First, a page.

Soler affirms that migrant flows in Europe and Central America have both been heightened by “persecution and violations of human rights, but also inequality, poverty, climate change, and natural disasters.”
Before the Central American Exodus, and after the tragic earthquake of 2010, thousands of Haitians moved to South America, primarily to take opportunities provided by the World Cup and Olympics to perform construction work in Brazil. This wave of migrants was joined by others from Africa, after the restrictions on migration that were imposed by the European Union.
“We had the capacity for about 110 people a day, and we received more than 200. There was no structure, but various volunteer groups formed who could do the work. They slept outside the church, in the streets, so the doors of the church were opened to let them sleep in the great hall of the church. We were with them a few months. We started to call around to various companies, to get people hired in construction or refrigeration, so that they could be placed safely. Some time after, other organizations joined up to take them in, and even the local government began to offer migrant services that did not exist before,” Elvira Gonzalez explained to Avispa Midia. Gonzales is a Peruvian migrant who works in the organization Misión Paz de São Paulo, in Brazil. The organization serves to welcome all migrants who come to the house, and Gonzalez was deeply involved in the most critical phase when the first Haitians arrived in the city.
After the coup of 2016, when the elected president of Brazil, Dilma Roussef, was forced to step down, a new economic crisis began, which affected migrants as well as Brazilians. For two years, many Haitians left the country, headed to countries like Canada, Chile, and primarily to the United States. “We don’t know how many left, the statistics don’t exist, but we know that it was a lot of people. We have information that indicates that many of the people that we hosted were stranded on the Mexican border, trying to cross into the United States,” said Paolo Parise, who is one of the organizers of the Misión de Paz. He estimates that at least thirty thousand Haitians arrived at the US-Mexico border in this period.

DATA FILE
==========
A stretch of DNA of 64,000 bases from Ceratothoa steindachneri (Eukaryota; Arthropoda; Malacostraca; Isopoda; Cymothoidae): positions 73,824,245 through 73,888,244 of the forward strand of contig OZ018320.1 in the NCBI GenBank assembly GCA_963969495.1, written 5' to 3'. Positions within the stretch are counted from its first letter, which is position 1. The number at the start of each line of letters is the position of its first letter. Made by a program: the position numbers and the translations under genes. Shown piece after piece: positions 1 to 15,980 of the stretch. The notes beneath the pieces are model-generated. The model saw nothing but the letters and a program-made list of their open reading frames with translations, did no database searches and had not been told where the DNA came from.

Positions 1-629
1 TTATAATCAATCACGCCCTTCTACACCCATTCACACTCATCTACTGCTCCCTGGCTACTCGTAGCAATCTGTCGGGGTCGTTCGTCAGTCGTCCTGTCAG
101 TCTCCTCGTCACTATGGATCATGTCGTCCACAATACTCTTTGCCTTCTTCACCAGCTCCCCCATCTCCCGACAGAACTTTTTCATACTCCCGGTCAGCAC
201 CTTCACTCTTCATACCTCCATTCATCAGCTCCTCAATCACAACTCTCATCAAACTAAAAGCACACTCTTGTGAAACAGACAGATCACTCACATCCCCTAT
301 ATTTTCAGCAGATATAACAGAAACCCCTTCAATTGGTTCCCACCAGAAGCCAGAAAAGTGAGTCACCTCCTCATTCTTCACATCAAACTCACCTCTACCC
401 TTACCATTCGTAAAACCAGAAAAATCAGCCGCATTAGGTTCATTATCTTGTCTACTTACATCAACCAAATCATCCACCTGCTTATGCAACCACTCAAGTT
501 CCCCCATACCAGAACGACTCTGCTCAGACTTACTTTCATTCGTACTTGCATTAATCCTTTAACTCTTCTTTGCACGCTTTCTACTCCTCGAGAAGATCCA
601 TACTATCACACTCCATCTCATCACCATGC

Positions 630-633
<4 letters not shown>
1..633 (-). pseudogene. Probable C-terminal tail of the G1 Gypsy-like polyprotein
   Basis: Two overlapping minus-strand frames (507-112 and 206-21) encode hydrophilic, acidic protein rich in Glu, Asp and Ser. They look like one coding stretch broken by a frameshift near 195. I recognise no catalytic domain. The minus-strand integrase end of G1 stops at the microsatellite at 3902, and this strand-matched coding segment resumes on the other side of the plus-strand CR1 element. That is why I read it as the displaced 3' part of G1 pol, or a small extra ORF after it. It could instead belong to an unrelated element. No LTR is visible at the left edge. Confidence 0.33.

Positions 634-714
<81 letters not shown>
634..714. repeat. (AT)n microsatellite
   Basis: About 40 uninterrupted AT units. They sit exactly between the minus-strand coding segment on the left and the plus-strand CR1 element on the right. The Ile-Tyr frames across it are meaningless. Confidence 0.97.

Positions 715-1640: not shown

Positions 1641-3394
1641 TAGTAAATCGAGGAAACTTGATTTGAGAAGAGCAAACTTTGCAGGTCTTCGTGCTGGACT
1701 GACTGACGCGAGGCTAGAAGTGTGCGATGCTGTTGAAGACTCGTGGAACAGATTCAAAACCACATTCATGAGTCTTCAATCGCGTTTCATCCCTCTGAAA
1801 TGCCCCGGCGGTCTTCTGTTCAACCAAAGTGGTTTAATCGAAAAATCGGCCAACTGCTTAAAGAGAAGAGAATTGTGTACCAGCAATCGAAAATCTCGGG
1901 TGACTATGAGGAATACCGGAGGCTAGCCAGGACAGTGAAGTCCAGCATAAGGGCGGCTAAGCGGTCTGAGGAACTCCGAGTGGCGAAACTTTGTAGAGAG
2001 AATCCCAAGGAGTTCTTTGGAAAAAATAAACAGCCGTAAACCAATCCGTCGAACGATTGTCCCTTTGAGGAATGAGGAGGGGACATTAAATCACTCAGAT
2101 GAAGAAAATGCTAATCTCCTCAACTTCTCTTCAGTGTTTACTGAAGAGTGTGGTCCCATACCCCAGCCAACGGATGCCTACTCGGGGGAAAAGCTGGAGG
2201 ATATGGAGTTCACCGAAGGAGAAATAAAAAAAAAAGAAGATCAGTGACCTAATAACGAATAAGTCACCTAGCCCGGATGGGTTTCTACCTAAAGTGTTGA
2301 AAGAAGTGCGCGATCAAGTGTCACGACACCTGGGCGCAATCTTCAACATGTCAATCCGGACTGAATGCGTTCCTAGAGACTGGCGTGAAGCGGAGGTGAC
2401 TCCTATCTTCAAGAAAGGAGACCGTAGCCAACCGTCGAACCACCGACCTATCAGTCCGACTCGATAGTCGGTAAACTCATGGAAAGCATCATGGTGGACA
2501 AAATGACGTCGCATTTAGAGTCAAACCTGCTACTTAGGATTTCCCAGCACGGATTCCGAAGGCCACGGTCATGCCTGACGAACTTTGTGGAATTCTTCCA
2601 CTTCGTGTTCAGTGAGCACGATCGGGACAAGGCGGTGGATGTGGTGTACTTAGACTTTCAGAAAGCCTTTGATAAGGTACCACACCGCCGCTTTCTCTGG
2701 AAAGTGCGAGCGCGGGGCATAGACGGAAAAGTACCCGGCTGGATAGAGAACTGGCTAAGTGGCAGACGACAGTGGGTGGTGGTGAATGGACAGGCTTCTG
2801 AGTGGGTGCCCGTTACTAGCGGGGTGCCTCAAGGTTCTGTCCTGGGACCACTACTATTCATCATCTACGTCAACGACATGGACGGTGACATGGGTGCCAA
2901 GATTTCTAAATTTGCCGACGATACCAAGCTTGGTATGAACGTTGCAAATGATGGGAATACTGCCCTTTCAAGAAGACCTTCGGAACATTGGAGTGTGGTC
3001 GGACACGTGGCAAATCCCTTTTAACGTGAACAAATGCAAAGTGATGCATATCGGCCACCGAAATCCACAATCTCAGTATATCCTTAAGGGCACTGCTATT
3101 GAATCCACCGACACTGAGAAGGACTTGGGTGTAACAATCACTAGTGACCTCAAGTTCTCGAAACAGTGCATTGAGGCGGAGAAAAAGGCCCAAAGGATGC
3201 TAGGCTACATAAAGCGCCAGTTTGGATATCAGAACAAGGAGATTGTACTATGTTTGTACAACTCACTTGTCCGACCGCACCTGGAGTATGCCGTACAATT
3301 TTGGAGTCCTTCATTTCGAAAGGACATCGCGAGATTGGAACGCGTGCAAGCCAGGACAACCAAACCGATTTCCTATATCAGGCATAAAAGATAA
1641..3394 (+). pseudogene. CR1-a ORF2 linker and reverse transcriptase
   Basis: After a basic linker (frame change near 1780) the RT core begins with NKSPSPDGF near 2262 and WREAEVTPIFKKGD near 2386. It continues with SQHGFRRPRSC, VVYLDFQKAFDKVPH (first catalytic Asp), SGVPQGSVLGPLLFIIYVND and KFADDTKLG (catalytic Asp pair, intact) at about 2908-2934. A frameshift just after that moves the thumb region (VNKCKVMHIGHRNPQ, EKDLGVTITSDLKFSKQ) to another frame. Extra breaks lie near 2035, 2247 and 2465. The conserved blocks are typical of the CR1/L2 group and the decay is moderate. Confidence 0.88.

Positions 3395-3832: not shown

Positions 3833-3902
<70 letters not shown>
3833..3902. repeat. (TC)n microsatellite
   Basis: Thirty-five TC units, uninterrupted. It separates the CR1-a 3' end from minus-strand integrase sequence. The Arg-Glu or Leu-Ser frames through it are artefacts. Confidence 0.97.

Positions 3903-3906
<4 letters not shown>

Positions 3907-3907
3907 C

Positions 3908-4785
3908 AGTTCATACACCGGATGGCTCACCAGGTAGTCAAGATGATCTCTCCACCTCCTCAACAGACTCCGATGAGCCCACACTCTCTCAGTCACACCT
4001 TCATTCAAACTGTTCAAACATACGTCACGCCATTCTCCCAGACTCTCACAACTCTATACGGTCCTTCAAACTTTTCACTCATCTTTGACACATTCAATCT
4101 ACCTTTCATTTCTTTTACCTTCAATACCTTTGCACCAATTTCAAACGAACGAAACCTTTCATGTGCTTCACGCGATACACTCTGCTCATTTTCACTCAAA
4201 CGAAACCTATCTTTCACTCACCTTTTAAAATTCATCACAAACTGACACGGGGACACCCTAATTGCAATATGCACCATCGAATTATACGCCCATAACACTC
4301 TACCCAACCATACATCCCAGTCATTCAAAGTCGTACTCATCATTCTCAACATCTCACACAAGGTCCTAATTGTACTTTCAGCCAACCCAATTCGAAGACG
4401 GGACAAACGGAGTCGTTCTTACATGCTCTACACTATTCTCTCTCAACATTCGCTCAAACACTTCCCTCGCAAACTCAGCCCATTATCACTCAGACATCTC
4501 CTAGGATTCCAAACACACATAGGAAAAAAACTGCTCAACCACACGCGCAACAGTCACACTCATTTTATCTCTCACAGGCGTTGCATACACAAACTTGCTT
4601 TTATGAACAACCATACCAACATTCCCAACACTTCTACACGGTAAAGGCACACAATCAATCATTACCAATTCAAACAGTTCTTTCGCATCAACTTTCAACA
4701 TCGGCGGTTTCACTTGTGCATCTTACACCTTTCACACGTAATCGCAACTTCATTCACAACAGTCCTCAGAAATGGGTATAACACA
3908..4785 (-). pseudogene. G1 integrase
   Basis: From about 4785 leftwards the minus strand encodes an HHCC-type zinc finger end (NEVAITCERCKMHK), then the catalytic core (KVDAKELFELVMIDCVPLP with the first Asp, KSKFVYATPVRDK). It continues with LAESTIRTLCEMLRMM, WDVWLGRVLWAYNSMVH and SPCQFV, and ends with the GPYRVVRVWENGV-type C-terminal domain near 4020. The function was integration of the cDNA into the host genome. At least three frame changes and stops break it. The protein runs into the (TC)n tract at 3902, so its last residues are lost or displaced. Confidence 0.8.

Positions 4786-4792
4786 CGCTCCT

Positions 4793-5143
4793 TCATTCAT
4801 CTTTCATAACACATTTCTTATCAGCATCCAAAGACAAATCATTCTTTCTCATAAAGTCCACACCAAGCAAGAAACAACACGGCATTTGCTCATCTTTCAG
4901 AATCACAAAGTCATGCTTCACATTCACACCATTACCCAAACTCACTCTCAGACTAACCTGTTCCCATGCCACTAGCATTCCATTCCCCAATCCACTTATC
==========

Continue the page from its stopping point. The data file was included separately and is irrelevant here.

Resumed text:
50 million migrants
Andrés Barreda, researcher in the department of economics at the National Autonomous University of Mexico (UNAM), notes that migration has been a constant, and that “the largest and most important flow of migrants is towards North America, and has pushed more than 50 million Central American and Mexican migrants in that direction over the past decades, particularly following the signing of NAFTA.”
This migrant flow, Barreda argues, “was disrupted following the crisis of 2008, when the contraction of the North American economy meant that it could no longer benefit from cheap migrant labor, and migrants began to turn around. At the same time, the super-criminalization of migrants began, with the application of genocidal policies of control to migrant flows through Mexican territory, carried out by criminal organizations and the drug cartels.”
For the UNAM researcher, the problem of migrant flows is being supplanted by other capitalist models, and throughout this, the military industrial complex is present on the border, offering its services to private buyers. “We are in a moment of rupture for a neoliberal politics that continues to fail, because it doesn’t function now like it did in the 1990s or even in 2000. Different capitalist models are gaining strength in various countries, or even within a given country, such as in the United States, where some want to follow the same dynamics of globalization, while others look to other exploitative politics based in the construction of national state capitalism. This is taking place in Brazil, China, the US, in Russia, and around the world,” Barreda added.